When we’re rushed off our feet we may also forget to drink, until we start feeling thirsty! Unfortunately, by this time we’re already dehydrated – but keeping a bottle of water on your desk (or carrying one with you) can be a great reminder to drink more water throughout the day. Fruit infuser water bottles may also encourage you to drink more!
Not sure how much you should be drinking?
The average person needs to consume around 1ml of water for every kilocalorie (kcal) burnt. For example, if you’re an active female burning 2500kcal a day, then you’d need be drinking at least 2.5l of water a day. (If you’re not sure how many calories you’re burning, you may wish to consult a nutrition coach to help you to work this out!)
Vegan food is delicious – and when food is that good, it can be easy to shovel it down fast!
Unfortunately, eating too quickly can make it harder for your food to be digested. This is because it may not be chewed sufficiently and it’ll have less contact with the amylase-containing saliva in your mouth, which begins the process of breaking down starches.
Eating too quickly can also mask the sensation of satiation, meaning that you don’t realise when you’re full. This can result in over-eating, which can cause bloating and digestive discomfort, as well as weight gain in those who are eating more calories than they need.
When you eat too quickly, you’ll also consume more air with your food, which can cause further bloating and flatulence.
To avoid eating too fast, try to be mindful when you eat. Put your utensils down between bites, and focus on chewing your food well.
This is best done when there are fewer distractions, so avoid watching TV while eating, and if possible, try to schedule your meals for when you won’t be pushed for time.
Chronic stress has a huge impact on our health and well-being, and the digestive system often bears the brunt of it. This is because, when the body enters fight or flight mode, the digestive system is one of the first systems to shut down.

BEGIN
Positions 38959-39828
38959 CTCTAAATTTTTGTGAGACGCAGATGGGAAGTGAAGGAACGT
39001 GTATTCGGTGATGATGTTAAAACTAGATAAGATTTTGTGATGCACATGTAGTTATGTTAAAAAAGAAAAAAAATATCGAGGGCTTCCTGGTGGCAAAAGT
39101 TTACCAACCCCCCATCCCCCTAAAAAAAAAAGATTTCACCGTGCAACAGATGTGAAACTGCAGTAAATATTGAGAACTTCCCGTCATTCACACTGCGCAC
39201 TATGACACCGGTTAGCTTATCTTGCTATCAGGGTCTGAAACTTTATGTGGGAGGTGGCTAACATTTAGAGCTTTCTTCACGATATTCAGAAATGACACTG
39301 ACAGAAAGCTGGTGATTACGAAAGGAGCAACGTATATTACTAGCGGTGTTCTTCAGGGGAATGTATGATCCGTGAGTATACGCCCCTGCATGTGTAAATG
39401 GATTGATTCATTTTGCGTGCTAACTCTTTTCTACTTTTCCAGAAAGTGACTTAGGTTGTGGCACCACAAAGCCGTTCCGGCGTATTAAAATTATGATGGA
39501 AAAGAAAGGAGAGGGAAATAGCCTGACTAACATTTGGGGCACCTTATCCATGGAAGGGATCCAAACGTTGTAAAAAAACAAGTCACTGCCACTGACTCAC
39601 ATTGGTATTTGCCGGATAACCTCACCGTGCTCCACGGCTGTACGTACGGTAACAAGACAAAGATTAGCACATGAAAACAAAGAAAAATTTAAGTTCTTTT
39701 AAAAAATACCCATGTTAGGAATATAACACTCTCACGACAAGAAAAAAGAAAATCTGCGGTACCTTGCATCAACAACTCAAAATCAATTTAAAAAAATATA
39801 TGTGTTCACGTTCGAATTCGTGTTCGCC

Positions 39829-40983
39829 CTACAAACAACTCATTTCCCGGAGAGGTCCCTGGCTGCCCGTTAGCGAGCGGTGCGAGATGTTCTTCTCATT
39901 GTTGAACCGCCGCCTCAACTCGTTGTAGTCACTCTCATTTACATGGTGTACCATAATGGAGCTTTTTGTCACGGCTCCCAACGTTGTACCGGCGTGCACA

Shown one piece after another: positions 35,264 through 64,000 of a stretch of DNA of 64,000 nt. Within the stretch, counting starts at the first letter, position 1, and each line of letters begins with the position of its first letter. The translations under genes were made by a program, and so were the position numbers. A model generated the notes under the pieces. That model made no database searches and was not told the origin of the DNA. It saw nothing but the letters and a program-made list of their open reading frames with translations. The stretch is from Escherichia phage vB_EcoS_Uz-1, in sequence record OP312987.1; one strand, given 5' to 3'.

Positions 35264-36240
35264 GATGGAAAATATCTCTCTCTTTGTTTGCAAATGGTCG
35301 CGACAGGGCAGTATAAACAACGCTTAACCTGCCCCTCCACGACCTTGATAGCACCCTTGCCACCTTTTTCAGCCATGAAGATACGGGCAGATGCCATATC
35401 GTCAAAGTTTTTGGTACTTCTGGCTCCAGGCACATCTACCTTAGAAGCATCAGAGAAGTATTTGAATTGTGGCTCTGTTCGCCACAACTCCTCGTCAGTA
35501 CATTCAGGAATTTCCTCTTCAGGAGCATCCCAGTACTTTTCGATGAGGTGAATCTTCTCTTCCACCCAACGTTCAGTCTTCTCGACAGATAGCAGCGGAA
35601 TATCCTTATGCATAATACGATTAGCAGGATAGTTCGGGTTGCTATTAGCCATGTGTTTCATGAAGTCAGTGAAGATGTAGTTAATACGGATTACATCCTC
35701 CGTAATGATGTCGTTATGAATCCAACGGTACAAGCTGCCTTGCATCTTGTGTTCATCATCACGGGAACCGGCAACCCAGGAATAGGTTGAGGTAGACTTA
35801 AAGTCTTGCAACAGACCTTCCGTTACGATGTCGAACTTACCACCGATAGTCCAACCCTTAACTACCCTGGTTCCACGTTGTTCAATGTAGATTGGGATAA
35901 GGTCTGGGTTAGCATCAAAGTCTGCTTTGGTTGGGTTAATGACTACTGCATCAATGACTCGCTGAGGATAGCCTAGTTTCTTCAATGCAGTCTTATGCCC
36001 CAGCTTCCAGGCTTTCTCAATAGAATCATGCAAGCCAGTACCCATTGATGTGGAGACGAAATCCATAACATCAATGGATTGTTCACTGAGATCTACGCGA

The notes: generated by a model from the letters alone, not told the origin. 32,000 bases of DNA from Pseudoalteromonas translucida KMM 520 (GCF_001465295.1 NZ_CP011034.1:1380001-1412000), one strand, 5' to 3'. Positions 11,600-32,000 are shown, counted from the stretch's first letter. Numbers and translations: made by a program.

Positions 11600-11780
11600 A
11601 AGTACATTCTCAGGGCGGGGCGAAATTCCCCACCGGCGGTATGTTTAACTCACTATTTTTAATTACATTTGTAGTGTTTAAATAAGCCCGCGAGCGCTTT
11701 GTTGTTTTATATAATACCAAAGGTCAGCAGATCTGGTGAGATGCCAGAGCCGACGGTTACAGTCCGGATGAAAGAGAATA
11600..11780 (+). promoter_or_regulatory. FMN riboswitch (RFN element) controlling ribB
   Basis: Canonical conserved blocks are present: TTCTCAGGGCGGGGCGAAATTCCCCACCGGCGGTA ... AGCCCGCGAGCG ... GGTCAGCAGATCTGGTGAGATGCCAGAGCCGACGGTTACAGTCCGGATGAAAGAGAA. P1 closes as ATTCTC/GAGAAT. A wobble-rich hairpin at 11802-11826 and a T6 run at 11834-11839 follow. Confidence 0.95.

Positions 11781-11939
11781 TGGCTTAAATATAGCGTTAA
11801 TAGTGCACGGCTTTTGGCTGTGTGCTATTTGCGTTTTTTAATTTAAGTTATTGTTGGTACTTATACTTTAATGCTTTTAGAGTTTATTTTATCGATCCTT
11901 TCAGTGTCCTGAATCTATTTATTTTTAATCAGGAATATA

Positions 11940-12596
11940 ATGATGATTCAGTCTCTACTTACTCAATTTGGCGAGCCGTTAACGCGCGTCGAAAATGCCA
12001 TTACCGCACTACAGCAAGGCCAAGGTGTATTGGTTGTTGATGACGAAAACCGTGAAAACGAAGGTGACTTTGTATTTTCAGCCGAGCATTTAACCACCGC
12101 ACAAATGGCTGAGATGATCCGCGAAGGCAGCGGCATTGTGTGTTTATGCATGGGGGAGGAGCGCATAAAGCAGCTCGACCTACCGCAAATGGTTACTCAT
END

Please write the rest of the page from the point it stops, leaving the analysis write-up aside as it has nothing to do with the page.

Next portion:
As the body directs the blood flow away from the digestive system, peristalsis may be suppressed. This slows the movement of food through the gut, which can lead to constipation.
Stress can also cause food to pass through the digestive system too quickly, causing diarrhoea and preventing your body from absorbing the nutrients properly. This can lead to dehydration, and over time, malnutrition.
Stress can also trigger acid reflux and can alter your gut microbiome. If you suffer from IBS or IBD stress can also make these conditions worse.
So how can we de-stress?
I know all too well that reducing stress is easier said than done, however, one of the very best ways to help our bodies cope, is to ensure that we get enough rest!
Having a regular nighttime routine, going to bed at a set time each night and ensuring that we get at least 8 hours sleep, can all help.
It’s also important to have a cool, yet comfortable room temperature, and to turn off screens (such as computers, phones and TV’s) at least an hour before you go to bed.
Meditation, yoga practice and other relaxation techniques may also be helpful too.
Being well-rested and relaxed not only improves the function of the digestive system, it also boosts the immune system too.
Having a good nights sleep and reducing stress can also generate impressive results (when combined with a healthy diet and an active lifestyle) for those who are trying to lose weight!
* The information in this article is not intended to replace medical advice. Please be sure to see your doctor if you’re worried about your health.